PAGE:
Journalists, they say, would be wise to do a little keyword research to determine the two or three most-searched words that relate to their subject — and then include them in the first few sentences. “That’s not something they teach in journalism schools,” said Danny Sullivan, editor of SearchEngineWatch, an online newsletter. “But in the future, they should.”

Such suggestions stir mixed sentiments. “My first thought is that reporters and editors have a job to do and they shouldn’t worry about what Google’s or Yahoo’s software thinks of their work,” said Michael Schudson, a professor at the University of California, San Diego, who is a visiting faculty member at the Columbia University Graduate School of Journalism.

“But my second thought is that newspaper headlines and the presentation of stories in print are in a sense marketing devices to bring readers to your story,” Mr. Schudson added. “Why not use a new marketing device appropriate to the age of the Internet and the search engine?”

Right. When, at People magazine, I started grading TV shows in my reviews — a conceit I carried over to Entertainment Weekly — some of my fellow critics chided me, saying, “Well, but then people won’t read all your reviews.” I responded that they shouldn’t have to. This isn’t about giving me attention; I’m not a cat. This is about serving the public and if they don’t want to bother reading about a C-level show (or enjoy reading a review with an F), that’s up to them. Our public is busy. We should be saving, not demanding, their time.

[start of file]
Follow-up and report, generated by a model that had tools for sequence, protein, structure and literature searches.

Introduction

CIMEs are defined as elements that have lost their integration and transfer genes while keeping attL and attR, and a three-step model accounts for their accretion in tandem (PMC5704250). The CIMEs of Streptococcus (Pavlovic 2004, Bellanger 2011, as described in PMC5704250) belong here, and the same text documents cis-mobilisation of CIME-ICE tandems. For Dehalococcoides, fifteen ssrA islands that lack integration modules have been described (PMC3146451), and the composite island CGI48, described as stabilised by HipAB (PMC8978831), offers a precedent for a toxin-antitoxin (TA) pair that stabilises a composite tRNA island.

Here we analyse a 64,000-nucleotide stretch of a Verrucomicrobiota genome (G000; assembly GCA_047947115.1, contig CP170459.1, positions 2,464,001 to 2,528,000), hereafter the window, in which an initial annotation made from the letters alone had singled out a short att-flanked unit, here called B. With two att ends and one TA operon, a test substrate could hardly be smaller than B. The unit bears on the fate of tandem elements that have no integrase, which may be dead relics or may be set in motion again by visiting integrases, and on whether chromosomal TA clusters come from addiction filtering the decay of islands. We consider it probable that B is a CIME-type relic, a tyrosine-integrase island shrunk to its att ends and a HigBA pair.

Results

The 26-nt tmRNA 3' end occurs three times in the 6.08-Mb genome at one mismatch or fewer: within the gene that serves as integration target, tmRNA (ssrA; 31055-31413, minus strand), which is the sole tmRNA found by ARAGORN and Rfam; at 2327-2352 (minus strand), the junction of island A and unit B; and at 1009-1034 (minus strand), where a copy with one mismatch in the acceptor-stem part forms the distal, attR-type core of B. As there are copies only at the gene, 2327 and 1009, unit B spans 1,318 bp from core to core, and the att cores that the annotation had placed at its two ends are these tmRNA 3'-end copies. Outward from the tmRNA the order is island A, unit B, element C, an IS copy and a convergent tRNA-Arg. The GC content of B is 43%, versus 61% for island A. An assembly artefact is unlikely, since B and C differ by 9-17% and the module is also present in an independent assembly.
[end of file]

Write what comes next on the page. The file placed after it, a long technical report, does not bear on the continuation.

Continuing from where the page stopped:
Let’s also not forget that SEO is not just about the presentation on a page but also about keeping content visible online with permanent links. If you hide your content behind pay walls and in archives, you will lose Google juice that others will gain. Indeed, I will be teaching that at CUNY. When I instructed my fellow faculty at the Graduate School of Journalism in citizens’ media, the first thing I taught was the value of the permalink.

: LATER: Simon Waldman of Guardian Unlimited says:

I compare it to supermarkets and apples. If you make apples and want them to be sold in the supermarket – they’ve got to a be a certain shape and size and shinyness, otherwise the supermarket won’t have them. There are those who say it’s great that apples these days are all uniform and shiny; others who say our produce has mutated into something bland. As a producer – it’s just the deal you have to do if you want distribution.

He frets that this will lead to homogenous news, all the same. Indeed, I fretted sometime ago that Google commodifies everything.

But Google and GoogleNews operate differently. Google operates by SEO; GoogleNews operates by a more closed and far more secret algorithm. The challenge is for producers of dynamic content — aka news — to be found in search itself. For in true SEO, the things the people click on and link to should rise and if that’s the case — if the people can edit — then I still have high hope that quality will out. (More on this from me at a later date….)